Travel for international students
As an international student, you may occasionally want to travel within the United States or abroad. There are so many interesting places to explore in the world. Before you travel, though, it's important to make sure you have the appropriate documentation.
What you need to know about:
You should carry the following documents with you while traveling within the United States:
These are your legal documents detailing your ability to remain in the U.S. and you may be asked to present them to an official if asked.
If you are travelling to another country, contact the consulate of that country to find out if you need a visa.
If you are travelling to Canada, contact the Canadian Consulate to see if you require a visa for entry.
After you have completed your academic program and you have not applied for OPT, you are permitted to travel within the U.S. and prepare for departure during your 60-day grace period. You are not allowed to re-enter the country with your I-20 during this grace period.
If you would like to travel during semester breaks or holiday breaks, you need the following to re-enter the U.S.:
- Passport (valid six months into the future at all times)
- Valid visa
- I-20 (with valid travel signature)
Travel signatures are valid for 12 months from the date in which they were signed.
If you arrive at a port of entry and you do not have the correct documentation (I-20, travel signature, unpaid SEVIS fee), the Customs and Border Protection (CBP) officer may issue you a Form I-515A.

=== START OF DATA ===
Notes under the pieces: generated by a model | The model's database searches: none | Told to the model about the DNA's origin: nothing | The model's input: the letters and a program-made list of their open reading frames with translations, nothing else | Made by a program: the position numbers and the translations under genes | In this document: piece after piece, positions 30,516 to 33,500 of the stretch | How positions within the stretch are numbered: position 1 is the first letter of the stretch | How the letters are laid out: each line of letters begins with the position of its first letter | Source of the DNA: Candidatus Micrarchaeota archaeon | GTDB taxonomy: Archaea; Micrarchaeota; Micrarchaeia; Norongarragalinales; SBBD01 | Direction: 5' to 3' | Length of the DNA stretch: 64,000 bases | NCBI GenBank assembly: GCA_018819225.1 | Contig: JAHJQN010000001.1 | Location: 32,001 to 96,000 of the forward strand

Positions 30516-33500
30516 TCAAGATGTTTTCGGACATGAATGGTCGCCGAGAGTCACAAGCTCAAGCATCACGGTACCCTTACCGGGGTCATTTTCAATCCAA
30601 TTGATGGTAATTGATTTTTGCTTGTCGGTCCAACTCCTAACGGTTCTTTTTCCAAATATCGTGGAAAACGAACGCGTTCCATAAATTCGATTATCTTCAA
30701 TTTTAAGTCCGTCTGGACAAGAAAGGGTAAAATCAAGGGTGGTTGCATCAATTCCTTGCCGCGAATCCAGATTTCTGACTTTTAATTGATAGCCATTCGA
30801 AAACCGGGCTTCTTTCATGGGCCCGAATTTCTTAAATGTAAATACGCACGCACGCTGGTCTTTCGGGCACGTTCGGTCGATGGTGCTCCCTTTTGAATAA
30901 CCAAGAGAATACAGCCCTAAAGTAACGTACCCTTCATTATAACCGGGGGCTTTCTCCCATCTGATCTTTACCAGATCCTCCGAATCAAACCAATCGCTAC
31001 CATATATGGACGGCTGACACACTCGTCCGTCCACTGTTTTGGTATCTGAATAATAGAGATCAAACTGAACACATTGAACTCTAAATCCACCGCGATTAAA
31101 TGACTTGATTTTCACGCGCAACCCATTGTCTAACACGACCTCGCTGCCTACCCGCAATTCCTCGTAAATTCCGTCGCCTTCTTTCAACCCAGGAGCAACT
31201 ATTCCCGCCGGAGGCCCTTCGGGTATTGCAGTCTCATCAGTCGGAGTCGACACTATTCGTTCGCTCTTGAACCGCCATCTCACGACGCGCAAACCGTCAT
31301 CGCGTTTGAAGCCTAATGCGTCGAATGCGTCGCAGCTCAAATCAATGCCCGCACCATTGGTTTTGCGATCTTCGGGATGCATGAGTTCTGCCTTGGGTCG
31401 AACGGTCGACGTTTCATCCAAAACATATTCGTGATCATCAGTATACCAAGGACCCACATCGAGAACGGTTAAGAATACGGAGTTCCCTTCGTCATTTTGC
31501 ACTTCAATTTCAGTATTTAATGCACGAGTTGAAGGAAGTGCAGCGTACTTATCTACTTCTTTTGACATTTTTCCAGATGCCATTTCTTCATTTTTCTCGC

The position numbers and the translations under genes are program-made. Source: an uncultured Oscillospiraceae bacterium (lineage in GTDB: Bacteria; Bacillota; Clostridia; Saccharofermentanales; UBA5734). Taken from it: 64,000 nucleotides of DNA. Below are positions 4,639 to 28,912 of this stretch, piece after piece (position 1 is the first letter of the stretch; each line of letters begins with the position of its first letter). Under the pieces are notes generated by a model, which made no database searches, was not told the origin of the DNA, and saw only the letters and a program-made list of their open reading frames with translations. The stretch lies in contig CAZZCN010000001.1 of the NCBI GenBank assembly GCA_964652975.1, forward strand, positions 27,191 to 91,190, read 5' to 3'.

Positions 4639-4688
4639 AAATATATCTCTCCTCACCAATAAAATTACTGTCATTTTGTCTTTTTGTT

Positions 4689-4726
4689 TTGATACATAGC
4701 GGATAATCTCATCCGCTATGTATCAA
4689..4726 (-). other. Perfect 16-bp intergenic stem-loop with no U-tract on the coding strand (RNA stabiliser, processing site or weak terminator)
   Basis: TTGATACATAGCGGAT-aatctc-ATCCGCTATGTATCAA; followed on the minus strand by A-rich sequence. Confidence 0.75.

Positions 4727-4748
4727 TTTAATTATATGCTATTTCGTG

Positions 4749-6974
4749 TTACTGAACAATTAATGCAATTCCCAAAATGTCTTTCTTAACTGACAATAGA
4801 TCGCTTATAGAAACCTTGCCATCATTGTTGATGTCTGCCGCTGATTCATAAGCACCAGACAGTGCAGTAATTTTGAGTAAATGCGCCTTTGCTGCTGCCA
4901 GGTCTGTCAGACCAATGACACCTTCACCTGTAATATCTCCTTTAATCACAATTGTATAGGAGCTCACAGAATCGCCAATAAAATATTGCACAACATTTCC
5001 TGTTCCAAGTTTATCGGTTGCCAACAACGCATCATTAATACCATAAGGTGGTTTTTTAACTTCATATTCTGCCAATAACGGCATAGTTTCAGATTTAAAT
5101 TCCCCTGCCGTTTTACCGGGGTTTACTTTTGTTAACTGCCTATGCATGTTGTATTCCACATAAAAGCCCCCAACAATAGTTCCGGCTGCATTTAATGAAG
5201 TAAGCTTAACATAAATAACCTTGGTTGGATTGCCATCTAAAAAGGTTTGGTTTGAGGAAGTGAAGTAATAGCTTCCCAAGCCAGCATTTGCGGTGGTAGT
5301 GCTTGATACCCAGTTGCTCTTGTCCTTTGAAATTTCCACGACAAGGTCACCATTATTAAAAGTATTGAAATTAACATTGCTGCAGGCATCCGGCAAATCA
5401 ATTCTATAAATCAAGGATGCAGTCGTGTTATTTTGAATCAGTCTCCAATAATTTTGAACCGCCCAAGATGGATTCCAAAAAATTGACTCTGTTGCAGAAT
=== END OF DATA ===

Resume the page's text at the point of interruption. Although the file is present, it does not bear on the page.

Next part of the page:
This document allows you to have temporary admission to the United States for 30 days. To maintain your current status, you must address the issues listed on the Form I-515A.
If you receive this form, report it to your Designated School Official (DSO) immediately so you may work together to correct your status.
Travel to Canada or Mexico and Automatic Revalidation
If you make a trip to Canada or Mexico for less than 30 days and your entry visa (F-1) is expired, you can normally return to the U.S. without applying for a new visa because of a regulation called Automatic Revalidation. Individuals in F-1 status are also eligible for Automatic Revalidation when traveling to adjacent islands of the U.S.
To qualify for Automatic Revalidation you must:
- Have your I-94 in hand
- Have a signed I-20
- Have an expired entry visa with you, even if it is in an old passport
- Return to the U.S. from Canada, Mexico, or adjacent island other than Cuba within 30 days
- Have maintained and intend to resume nonimmigrant status
Exceptions to Automatic Revalidation:
- Automatic Revalidation can no longer be used by individuals who are applying for a visa in Canada or Mexico. You cannot reenter the U.S. while waiting for your visa, and if the visa is denied you will need to depart Canada and return home to apply for a visa
- Nationals of Iran, Iraq, Syria, Sudan, and Cuba are not eligible for Automatic Revalidation
- Automatic Revalidation does not apply if you intend to return to the U.S. in a different status. In this case, a new visa must be obtained
If you plan to travel using Automatic Revalidation, contact your DSO.